Finance brief - February 2014
Anti-Money Laundering risks and wealth management
- A Guide to Third Party Security
- Letters of Credit
- The Cape Town Convention and Aircraft Protocol: ratification by the UK
What is the equity of exoneration, and when is it important?
Letters of credit and documentary credits continue to be a mainstay of international trade transactions. Letters of credit are also often used in financing transactions, either as a form of collateral or issued by a bank in connection with an acquisition or another transaction being financed. A recent case, Taurus Petroleum Limited v State Oil Marketing Company of the Ministry of Oil, Republic of Iraq  EWHC 3494 (Comm) relates to letters of credit in a trade transaction and serves as a useful reminder of some of the key issues to be borne in mind.
It should be noted that the case is subject to an appeal to the Court of Appeal.
Taurus had been awarded $8 million under an arbitral award against the State Oil Marketing Company of the Ministry of Oil ("SOMO"), the Iraqi state entity with sole authority for the export and import of oil and gas products from and to Iraq. The case related to two letters of credit issued by Crédit Agricole in respect of an oil transaction between a Shell entity and SOMO. Taurus was seeking an order such that part of the payments by Crédit Agricole under the letters of credit could be paid to Taurus direct, instead of SOMO, to satisfy the arbitral award.
Points to note
The points to note in the context of financing transactions arising from the case are:
1. Always ensure that the letter of credit specifies the governing law of the letter of credit.
The two letters of credit issued by Crédit Agricole did incorporate the Uniform Customs and Practise for Documentary Credits (UCP) 600; but not a governing law clause. The court held that where a letter of credit does not specify governing law, its governing law is to be determined pursuant to Article 4(2) of Rome I. Under this Article, the governing law is the law of the country where the characteristic performer has its habitual residence. In this case, on the presentation of conforming documents, Crédit Agricole in London made payment by instructing JP Morgan in New York to make payment at the counters of the Central Bank of Iraq ("CBI") in Baghdad to CBI's account at the Federal Bank New York ("FRBNY"). The Judge held that the characteristic performer is Crédit Agricole making payment steps in London and therefore the credit is governed by English law.
The Judge also held that the lex situs of the debt is English law (not New York where payment was to be made by crediting CBI's account with FRBNY). The Judge applied the general rule that a debt situate is where it is recoverable.
2. Always ensure that the identity of the beneficiary is clear.
In this case, the beneficiary of the letter of credit was clearly SOMO and this was not disputed. CBI was identified as advising and confirming bank (although it did not confirm the credit). In addition, various statements were made to CBI in the letter of credit. These included statements such as "proceeds of this letter of credit will be irrevocably paid into your account with [FRBNY] and "we hereby engage with the beneficiary and Central Bank of Iraq that documents drawn under and in compliance with the terms of this credit will be duly honoured…". On the basis of the text in the letter of credit, the Judge held that CBI was also a joint promisee of the letter of credit and equally entitled to the debt owed by Crédit Agricole.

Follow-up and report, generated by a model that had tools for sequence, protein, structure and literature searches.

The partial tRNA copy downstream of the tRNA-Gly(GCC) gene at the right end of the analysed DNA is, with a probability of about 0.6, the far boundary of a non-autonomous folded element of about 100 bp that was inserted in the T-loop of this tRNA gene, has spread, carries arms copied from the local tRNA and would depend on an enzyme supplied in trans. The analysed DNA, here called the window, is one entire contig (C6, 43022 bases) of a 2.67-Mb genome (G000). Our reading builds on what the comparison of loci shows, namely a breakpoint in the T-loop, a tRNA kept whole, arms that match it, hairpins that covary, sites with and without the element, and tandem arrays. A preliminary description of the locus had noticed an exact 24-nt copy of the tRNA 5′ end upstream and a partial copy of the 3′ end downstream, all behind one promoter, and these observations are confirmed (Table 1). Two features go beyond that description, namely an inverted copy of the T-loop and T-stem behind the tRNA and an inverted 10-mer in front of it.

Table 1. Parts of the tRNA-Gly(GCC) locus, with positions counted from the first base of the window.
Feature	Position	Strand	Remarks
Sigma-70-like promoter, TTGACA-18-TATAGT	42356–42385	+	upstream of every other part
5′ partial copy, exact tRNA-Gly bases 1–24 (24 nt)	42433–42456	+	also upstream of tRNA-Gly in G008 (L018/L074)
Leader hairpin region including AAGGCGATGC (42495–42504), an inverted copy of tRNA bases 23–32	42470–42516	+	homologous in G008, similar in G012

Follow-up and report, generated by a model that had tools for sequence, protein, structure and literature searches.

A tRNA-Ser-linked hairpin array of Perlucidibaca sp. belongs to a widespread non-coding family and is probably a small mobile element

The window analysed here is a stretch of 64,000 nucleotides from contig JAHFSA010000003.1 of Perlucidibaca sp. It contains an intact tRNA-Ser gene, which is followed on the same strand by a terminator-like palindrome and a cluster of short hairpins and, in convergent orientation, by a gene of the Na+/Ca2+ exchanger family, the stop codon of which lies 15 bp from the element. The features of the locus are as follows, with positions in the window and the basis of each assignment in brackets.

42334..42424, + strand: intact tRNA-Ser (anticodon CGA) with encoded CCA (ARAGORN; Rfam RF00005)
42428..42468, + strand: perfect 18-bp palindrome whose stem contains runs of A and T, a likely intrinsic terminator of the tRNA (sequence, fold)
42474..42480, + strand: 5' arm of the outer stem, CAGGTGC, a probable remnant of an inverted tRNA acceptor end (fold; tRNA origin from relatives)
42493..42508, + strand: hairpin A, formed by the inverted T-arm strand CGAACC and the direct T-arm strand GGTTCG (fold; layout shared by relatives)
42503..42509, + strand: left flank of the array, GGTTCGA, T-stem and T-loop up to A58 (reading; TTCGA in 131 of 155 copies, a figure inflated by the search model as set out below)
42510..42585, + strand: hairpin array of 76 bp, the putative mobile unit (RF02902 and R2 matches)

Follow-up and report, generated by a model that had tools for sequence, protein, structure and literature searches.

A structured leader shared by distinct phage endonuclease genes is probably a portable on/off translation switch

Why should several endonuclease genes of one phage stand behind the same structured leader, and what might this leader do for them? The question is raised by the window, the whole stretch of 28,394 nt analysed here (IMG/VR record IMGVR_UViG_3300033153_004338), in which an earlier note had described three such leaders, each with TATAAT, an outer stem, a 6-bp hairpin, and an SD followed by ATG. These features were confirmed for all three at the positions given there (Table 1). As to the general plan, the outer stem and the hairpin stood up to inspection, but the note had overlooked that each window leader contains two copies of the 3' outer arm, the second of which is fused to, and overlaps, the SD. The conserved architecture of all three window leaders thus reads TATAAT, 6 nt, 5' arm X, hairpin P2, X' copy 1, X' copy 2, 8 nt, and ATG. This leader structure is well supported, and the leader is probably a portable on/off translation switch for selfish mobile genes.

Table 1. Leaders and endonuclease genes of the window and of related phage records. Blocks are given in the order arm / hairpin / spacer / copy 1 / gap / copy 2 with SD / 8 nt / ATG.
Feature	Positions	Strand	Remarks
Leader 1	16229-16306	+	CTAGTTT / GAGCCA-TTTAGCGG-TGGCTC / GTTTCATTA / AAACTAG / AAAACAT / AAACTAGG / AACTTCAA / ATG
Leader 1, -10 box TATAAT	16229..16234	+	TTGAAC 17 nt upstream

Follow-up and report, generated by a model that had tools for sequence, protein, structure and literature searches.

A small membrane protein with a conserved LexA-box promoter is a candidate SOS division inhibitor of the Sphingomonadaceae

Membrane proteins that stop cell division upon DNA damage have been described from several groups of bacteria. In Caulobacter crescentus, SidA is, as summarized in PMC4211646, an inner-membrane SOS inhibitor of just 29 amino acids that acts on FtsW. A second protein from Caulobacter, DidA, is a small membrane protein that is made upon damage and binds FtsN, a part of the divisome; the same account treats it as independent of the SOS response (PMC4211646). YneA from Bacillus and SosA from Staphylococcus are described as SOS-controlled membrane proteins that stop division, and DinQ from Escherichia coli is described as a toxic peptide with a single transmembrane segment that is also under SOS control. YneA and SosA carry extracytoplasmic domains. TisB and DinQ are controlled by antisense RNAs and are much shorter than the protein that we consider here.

Separately, SOMO argued that it had been acting as agent of the Republic of Iraq and that therefore the Republic of Iraq could enforce letters of credit as an undisclosed principal. The Judge rejected this on the basis that SOMO was not acting as the agent of the Republic of Iraq and also held that the terms of the credit would preclude enforcement by an undisclosed principal because (i) UCP 600 plainly contemplates the beneficiary being the sole party who can enforce the issuing bank's payment obligation made to the beneficiary and (ii) credits were expressed to be non-transferrable.
3. Letters of credit are autonomous transactions, independent of the underlying sale contract.
In this case, SOMO submitted that since under Iraqi law title to oil and all proceeds in respect of disposals belong to the government (other provisions supplement this by requiring a portion of proceeds to be paid into a separate United Nations compensation account), SOMO did not have title to the oil and therefore did not have entitlement to receive the sale proceeds at the counters of the Central Bank of Iraq ("CBA") in Baghad. The Judge rejected this argument as having a bearing on the letters of credit as matters that impacted upon the sale contract for the oil itself but not the letters of credit which stood independently of that contract. On the terms of the letter of credit, SOMO does have title to enforce the debt constituted by Crédit Agricole's promise to pay on the terms of the credit. Autonomy of letters of credit is a rule as a matter of general English law and also reiterated under Article 4 of UCP 600.
4. Always ensure the letter of credit is clear on the requirements for the presentation of documents.
This final point is not specifically addressed in the case. It is always critical to ensure that the terms of the letter of credit are clear as to the documents which are to be delivered in order for the obligations to honour the credit to be triggered, the place of presentation and any time limits upon their presentation.
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